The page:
With the summer just about over and baseball season getting close to ending, some of us have to go back to school and some of us have to go back to our regular work schedules. But what did baseball players do back in the old days during the off-season or after they retired to bring in the moolah (before a lot of them started making millions of dollars)? Here are the jobs of some prominent baseball Hall of Famers during their baseball breaks. This is Baseball with Matt's back to school and back to work blog!
Grover Cleveland Alexander (aka Pete Alexander) worked in a flea market after his career ended in 1930. After Cap Anson retired in 1897, he became the owner of a golf club (that failed) and then won the office of Chicago City Clerk. In the 1968 off-season, Nolan Ryan was an air-conditioner installer. Yankee greats Yogi Berraand Phil Rizzuto, who won back-to-back MVP awards in 1950-1951, were employed in the winter by a NYC department store, where they sold men's suits (see picture of Rizzuto). Whitey Ford and Don Newcombe, who were arch-pitching-nemeses in the World Series, did the same.
Now, although some baseball players may have grown up on a farm and didn't know how to read and write well, some baseball players did very well in school. In fact, some Hall of Famers actually went to Ivy League colleges before becoming superstars. Here are a couple:
Lou Gehrig, the Yankees legend, went to Columbia University as a pitcher. The day Yankee Stadium opened in 1923, he struck out a Columbia record 17 batters. It's a good thing the Yankee scout watching the game converted him into a hitter, or else the Yanks may not have won as many championships! Eddie Collins also went to Columbia, but as a quarterback! He ended up becoming one of the best shortstops of all time for the Athletics and White Sox.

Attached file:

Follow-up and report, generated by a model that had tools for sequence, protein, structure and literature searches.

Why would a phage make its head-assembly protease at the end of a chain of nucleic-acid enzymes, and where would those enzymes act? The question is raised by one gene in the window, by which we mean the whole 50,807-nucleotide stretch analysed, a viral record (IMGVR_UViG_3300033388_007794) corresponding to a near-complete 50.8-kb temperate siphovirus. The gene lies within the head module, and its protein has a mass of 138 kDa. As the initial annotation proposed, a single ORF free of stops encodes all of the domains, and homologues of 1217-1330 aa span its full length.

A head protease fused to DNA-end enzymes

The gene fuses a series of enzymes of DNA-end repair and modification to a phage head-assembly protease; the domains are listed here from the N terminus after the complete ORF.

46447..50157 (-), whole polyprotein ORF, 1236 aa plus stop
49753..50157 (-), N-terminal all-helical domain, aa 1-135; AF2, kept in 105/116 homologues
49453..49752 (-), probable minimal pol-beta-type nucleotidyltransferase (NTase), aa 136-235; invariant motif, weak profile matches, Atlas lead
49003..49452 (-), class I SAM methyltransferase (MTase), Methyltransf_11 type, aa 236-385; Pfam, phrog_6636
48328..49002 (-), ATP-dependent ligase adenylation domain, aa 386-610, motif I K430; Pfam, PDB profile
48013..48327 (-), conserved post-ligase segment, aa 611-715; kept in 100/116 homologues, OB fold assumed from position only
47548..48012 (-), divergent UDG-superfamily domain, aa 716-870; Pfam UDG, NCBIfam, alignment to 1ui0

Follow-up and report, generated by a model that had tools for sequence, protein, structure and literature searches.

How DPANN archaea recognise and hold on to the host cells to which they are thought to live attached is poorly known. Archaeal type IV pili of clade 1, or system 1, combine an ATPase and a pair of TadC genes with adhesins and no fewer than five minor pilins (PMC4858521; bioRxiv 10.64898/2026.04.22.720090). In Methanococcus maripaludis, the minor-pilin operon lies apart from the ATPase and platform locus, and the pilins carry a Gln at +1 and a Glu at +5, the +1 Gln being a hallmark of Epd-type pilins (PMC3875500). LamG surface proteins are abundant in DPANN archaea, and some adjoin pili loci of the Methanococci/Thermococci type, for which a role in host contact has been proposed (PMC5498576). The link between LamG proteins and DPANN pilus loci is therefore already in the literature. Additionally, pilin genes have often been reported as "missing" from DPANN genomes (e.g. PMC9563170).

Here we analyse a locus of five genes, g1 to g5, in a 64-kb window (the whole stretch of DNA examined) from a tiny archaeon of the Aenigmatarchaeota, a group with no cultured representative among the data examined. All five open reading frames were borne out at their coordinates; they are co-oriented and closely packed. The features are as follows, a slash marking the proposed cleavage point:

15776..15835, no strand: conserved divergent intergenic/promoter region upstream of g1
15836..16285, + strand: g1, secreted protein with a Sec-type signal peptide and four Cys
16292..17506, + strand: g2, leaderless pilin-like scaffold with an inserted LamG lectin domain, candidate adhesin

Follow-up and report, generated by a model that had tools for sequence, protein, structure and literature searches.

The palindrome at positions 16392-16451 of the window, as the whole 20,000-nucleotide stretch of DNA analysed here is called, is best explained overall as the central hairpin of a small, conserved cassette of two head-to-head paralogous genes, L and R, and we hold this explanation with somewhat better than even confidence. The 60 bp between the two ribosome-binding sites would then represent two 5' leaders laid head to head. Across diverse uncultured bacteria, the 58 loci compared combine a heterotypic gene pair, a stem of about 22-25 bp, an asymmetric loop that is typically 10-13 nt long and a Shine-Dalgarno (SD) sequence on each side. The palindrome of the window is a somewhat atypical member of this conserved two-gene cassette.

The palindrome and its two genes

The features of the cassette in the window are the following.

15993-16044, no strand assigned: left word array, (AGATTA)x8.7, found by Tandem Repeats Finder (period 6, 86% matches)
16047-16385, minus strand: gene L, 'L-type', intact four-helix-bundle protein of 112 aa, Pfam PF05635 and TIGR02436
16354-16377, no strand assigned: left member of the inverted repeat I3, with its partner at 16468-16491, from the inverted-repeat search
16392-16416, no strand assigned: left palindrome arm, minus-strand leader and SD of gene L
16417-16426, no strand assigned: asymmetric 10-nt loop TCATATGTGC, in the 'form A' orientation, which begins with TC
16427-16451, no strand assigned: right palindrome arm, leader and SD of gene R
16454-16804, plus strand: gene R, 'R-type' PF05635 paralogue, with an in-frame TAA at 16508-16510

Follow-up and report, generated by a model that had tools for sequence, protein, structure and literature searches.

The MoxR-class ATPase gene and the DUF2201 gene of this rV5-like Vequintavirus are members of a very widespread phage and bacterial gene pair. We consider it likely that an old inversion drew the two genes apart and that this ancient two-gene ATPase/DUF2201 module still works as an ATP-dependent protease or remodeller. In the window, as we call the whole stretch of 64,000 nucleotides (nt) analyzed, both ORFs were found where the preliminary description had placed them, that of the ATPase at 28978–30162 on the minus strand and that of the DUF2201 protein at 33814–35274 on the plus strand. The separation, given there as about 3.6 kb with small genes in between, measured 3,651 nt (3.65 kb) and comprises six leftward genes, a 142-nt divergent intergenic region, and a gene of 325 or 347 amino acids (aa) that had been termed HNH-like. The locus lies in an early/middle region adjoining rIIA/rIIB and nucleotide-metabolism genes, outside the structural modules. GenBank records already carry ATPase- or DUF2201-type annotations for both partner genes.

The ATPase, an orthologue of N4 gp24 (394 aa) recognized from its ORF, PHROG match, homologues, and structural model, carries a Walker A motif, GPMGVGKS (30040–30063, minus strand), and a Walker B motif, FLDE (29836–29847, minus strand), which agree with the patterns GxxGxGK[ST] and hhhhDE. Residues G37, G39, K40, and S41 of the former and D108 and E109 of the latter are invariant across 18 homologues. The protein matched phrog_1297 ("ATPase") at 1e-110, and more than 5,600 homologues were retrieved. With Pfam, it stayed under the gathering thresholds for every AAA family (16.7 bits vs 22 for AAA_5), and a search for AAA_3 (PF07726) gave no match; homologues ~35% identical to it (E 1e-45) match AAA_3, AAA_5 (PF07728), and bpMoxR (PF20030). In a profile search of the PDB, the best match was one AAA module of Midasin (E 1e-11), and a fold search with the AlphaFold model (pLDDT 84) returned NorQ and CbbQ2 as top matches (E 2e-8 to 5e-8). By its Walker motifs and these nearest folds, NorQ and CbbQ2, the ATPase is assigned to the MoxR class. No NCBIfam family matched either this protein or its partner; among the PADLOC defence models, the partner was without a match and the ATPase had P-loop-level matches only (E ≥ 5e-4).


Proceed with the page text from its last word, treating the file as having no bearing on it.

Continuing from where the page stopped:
Here are some other players in baseball history who also went to some great schools:
Bill Almon became the first Ivy-leaguer to be drafted first overall in the MLB Draft in 1974 by the Padres (he went to Brown). Red Rolfe became a Yankee after graduating from Dartmouth and joined an already well-educated Yankee infield in 1931. Doug Glanville finished up at the University of Pennsylvania with a .414 average and 15 stolen bases and was drafted by the Cubs 12th overall in 1991. Ron Darlingwho pitched for the Mets and is a broadcaster for them now went to Yale. And Moe Berg went to Princeton, spoke ten languages, was a catcher and then became a spy!
So what's the bottom line here? Work hard and study hard, because you never know what's going to happen in life. Not everyone can be a superstar baseball player.